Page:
On the surface Elders and Ruralco should merge and take on the giant Calgary based Agrium Group, which owns the number one pastoral house in Australia, Landmark.
But below the surface Elders and Ruralco have very different cultures and chief executives. Should a merged Elders-Ruralco company be based in Hobart and run by John Maher or be based in Adelaide and run by Malcolm Jackman?
There is no doubt Maher wants the job. He joined Ruralco in 2006 to take charge of the merger with Tasmanian pastoral house Roberts. Previously, Maher was with AWB which then owned Landmark.
Maher has expanded Ruralco by establishing a network of independent businesses that operate as Ruralco branches. Ruralco’s agricultural business is half the size of Elders' but on each dollar of turnover Ruralco is twice as profitable as Elders. Ruralco shareholders have done very well under Maher.
But Malcolm Jackman and Elders clearly do not see going down the Ruralco merger path as their best option or they would have explored merger discussions with Maher after Ruralco bought 12 per cent of Elders.
Instead it was Ruralco that wrote to Elders (Ruralco pitches Elders on merger proposal, October 4).
When Jackman came to Elders in 2008 from the Coates Hire group he took on one of the toughest management tasks in the country because Elders – which was once the dominant Australian pastoral house – was close to collapse. He has a deep-seated passion to not allow the 173-year-old Elders operation to fall into receivership.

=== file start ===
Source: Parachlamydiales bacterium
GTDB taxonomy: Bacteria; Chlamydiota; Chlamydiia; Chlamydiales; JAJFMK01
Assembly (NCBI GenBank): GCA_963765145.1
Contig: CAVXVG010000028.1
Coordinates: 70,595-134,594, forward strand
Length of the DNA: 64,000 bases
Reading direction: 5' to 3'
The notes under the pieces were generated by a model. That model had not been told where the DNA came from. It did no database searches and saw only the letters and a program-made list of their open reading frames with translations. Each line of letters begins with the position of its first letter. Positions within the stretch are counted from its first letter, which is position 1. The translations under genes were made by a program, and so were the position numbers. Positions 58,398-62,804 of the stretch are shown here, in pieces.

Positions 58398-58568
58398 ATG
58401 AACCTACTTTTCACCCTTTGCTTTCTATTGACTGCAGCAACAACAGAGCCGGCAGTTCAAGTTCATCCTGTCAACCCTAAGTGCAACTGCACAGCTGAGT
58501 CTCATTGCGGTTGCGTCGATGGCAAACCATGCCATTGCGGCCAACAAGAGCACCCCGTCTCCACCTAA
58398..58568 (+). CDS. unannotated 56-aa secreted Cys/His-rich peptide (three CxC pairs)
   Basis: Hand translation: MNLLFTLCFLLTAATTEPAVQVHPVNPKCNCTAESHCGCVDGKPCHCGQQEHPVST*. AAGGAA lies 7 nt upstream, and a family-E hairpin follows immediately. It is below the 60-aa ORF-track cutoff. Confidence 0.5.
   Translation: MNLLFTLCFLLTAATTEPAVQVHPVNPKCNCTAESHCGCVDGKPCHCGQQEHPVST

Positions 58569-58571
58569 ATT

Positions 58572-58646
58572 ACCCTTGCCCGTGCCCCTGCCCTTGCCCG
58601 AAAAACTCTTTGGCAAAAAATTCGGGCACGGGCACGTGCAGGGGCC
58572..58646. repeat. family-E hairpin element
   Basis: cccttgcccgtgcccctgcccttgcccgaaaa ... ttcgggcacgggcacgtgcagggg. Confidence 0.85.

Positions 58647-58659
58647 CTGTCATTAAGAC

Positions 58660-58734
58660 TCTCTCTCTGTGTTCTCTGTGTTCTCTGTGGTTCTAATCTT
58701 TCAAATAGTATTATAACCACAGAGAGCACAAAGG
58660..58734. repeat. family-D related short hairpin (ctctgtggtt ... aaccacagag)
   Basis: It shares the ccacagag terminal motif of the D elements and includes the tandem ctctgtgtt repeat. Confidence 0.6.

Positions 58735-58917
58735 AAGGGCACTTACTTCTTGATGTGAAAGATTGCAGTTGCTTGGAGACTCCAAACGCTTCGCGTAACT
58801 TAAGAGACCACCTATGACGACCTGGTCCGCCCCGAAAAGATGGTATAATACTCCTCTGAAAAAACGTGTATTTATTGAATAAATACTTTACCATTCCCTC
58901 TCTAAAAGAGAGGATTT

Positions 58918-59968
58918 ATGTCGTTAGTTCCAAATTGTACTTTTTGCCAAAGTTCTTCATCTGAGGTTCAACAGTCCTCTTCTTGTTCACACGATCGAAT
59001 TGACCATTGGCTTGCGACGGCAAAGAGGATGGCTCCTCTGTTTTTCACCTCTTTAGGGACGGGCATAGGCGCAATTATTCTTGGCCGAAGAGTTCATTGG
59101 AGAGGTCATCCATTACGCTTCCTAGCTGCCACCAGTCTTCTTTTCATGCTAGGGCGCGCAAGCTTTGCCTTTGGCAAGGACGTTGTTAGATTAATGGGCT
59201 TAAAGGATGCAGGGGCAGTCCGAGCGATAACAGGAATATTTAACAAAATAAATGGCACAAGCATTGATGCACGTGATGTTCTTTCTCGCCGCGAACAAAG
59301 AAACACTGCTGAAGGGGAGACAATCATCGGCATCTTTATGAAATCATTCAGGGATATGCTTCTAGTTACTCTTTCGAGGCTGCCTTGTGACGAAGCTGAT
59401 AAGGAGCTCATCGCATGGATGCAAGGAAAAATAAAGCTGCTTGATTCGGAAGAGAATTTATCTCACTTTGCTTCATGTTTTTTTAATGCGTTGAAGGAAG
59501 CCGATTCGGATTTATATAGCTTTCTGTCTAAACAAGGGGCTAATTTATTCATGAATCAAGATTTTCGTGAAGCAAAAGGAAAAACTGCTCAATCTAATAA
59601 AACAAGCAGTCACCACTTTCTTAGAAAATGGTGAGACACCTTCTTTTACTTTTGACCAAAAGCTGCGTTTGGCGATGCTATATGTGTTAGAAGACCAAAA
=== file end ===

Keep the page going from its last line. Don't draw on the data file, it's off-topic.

Jackman held Elders group together and is now selling the automotive parts operation and running down forestry to become a pure rural play. He will then get the chance to lift profitability. The Elders balance sheet still needs a lot of work to lower borrowings. Shareholders funds are dwarfed by the $145 million in hybrid securities.
Jackman likes to express his mind in public. Maher is rarely seen but clearly believes he can gain Ruralco profit margins from Elders turnover.
Back in 2006 it was Washington H Soul Pattinson who engineered the Roberts/Ruralco merger.
There is no doubt that on the surface there would be substantial cost reductions as one branch would be required in smaller rural cities where there are now two.
But that does not always work. We are seeing in the banking business Westpac believes that it makes sense to have two brands – St George in NSW and Queensland and Bank of Melbourne in Victoria. Bendigo bought the Cyprus bank and will continue to run it under the Cyprus name to keep the customers.
A lot of people in country towns may lose their jobs after a Elders/Ruralco merger and a branch rationalisation operation. Some disgruntled people may join the Canadian Landmark operation and take the customers with them.
Ruralco’s letter to Elders indicating it would like to discuss a merger starts the game, but when very different cultures and chief executives are involved merger games are never easy.